Q: When it comes to philanthropy, what causes are your main focus?
JTF: I have started my own JT Foxx Foundation, and I really want to focus on giving back and helping childrens charities.  I have been very involved with raising money for St. Jude Childrens Hospital, I am working with a Childrens hospital in South Africa and Singapore as well.  Children are the next generation and they should have every opportunity to live a healthy and happy life, I want to do what I can to make a difference.
Q: What do you think of Donald Trump’s decision to go into politics? Do you think businessman to politics is a good progression?
JTF: Knowing the Trumps, It was only a matter of time before he actually did it he isn’t someone that talks about something and doesn’t action it.  I think its raised a lot of attention to the political process and I think he would do a great job leading the country surrounded with the right team.  It might just be time that the country is run by a businessman instead of a political figure head. He doesn’t have to bend to any lobbyist or political groups because he is self funding.  He doesn’t always think before he speaks, or does he just know how to get the attention of the media.
Q: You often speak of choices and being careful about who you surround yourself with. I’ve seen many people get stuck by continually surrounding themselves with people going nowhere, people from their past or hometown who never succeed. What types of people should we absolutely avoid on our own journey to success?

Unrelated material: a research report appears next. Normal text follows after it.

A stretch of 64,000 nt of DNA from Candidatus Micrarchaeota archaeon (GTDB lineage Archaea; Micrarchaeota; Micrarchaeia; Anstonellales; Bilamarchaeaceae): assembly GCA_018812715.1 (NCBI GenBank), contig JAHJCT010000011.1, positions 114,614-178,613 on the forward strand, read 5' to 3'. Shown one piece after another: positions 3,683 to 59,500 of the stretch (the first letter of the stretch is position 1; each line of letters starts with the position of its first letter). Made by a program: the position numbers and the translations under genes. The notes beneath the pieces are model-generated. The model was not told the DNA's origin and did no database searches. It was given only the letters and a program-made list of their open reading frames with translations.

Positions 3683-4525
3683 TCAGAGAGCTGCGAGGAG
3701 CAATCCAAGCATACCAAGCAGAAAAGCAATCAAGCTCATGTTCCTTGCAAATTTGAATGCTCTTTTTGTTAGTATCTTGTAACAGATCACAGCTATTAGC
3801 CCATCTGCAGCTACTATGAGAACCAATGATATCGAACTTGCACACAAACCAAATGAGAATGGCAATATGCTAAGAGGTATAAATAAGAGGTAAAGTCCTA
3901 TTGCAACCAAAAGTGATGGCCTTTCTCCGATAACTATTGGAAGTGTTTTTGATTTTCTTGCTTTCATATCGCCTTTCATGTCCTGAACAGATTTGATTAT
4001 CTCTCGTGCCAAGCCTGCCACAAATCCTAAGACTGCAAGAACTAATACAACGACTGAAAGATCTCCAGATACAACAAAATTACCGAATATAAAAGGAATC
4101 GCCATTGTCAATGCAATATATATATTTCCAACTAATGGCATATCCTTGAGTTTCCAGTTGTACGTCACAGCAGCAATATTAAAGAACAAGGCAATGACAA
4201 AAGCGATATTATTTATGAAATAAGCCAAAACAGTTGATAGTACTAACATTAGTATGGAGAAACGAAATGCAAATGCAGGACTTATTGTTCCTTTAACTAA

JTF: Anyone who doesn’t support you, believe in you, or encourage you along the way.  If everyone tells you that you can’t you start to believe them.
Q: I know you recently ventured into the business of making suits and ties. What drew you to that arena? In your opinion, what makes a great suit/look?
JTF: I’ve been doing ties for many years now, the suits are a new addition to the wealth collection.  The suits started in a similar way to the ties, I was paying a lot for my custom made suits and realized that they don’t cost a lot to make there is just a ridiculous mark up.  So I decided that I could get the fabrics straight from Italy and then set up the manufacturing and start my own company.  It’s the power look, its a dark suit with either a light blue shirt or white and a solid color tie.  It’s what I wear, it’s what Trump wears, and it’s the power look.
Q: Could you tell us a little about what you are currently working on and what’s up next for you?
JTF: Adjusting plans for 2016, and looking at the plans over the next 5 years.  I don’t like to talk to much about what my plans are as they changed based on what works and what doesn’t so I’m not going to divulge what’s coming next just yet.